Our first visitor for the day was a brave little New Zealand fur seal who twirled around in circles right beside the boat weaving between the orca before deciding it might be a good idea to make a quick getaway! This was a wise decision as the orca were in fact on the hunt! The senior members of the pod seemed to leave the youngsters near the vessel as they left to assist the hunting bulls! Two calves (machi and sachi) made up the group of 5-6 young orca which continued to make close passes both alongside and beneath the boat, using the vessel as a safe refuge! Over 10 minutes later two large females charged back towards the vessel with large chunks of meat in their mouth. The calves roared over to the mothers as the orca passed the meat between one another whilst turning on their pectoral side to check us out as we cheered and screamed! The playful behaviour progressed for over 45 minutes as the adults played with their young! Orca are such beautiful creatures when their bellies are full and they’re ready to play!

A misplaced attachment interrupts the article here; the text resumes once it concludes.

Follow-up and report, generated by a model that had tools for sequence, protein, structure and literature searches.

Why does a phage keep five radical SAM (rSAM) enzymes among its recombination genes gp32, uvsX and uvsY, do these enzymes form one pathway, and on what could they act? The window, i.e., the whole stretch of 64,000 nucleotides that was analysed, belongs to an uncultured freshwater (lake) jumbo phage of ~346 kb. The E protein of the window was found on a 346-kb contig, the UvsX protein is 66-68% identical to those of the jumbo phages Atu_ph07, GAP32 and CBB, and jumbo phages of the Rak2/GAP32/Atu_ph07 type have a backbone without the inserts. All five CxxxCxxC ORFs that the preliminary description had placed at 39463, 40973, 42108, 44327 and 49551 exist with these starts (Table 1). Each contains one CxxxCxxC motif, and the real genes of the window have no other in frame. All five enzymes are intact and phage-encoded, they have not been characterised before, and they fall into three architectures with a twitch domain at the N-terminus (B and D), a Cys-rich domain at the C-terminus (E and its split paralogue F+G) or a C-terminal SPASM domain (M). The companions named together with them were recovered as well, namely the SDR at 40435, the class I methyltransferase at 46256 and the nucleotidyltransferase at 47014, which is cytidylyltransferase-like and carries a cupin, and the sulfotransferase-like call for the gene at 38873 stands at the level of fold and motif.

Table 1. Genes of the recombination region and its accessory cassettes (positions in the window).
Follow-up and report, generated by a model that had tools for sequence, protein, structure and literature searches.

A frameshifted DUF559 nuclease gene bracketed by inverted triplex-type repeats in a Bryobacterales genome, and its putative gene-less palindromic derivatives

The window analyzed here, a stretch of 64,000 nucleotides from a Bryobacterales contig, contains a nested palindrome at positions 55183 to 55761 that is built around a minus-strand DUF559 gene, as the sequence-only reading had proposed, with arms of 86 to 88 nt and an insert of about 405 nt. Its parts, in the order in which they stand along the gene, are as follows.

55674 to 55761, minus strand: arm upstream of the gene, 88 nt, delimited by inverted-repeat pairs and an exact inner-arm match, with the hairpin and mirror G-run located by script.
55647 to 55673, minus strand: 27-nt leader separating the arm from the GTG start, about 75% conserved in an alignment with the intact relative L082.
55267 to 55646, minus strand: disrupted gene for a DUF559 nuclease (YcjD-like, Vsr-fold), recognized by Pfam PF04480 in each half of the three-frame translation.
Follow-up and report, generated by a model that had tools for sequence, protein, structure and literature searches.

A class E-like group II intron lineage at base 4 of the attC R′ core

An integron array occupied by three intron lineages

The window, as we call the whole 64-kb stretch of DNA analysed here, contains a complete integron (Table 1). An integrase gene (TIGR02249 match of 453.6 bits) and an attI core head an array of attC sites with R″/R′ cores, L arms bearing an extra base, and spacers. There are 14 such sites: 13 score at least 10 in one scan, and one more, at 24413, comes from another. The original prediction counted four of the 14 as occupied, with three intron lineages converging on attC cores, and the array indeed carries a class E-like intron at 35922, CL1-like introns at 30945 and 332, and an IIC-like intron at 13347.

Today we were lucky to have a group of hardcore twitchers (bird lovers) on board with us! The excitement and passion involved with every rare or unusual bird sighting was definitely on par with our crew when they come across an orca! The customers were equally entertained and educated throughout the day that’s for sure. The twitchers were more than happy with their rare finds today, from Cory’s Shearwater (first record in Aus), Southern Royal Albatross (rare in WA), Streaked Shearwater (rare on SW of WA), Fairy Prion (unusual off Bremer) and a Sabine’s Gull (7th sighting in Australia!). We regularly identify species that are rare or have yet to be seen in Australian waters! With that said, I think it’s safe to say the day was a success across the board (boat).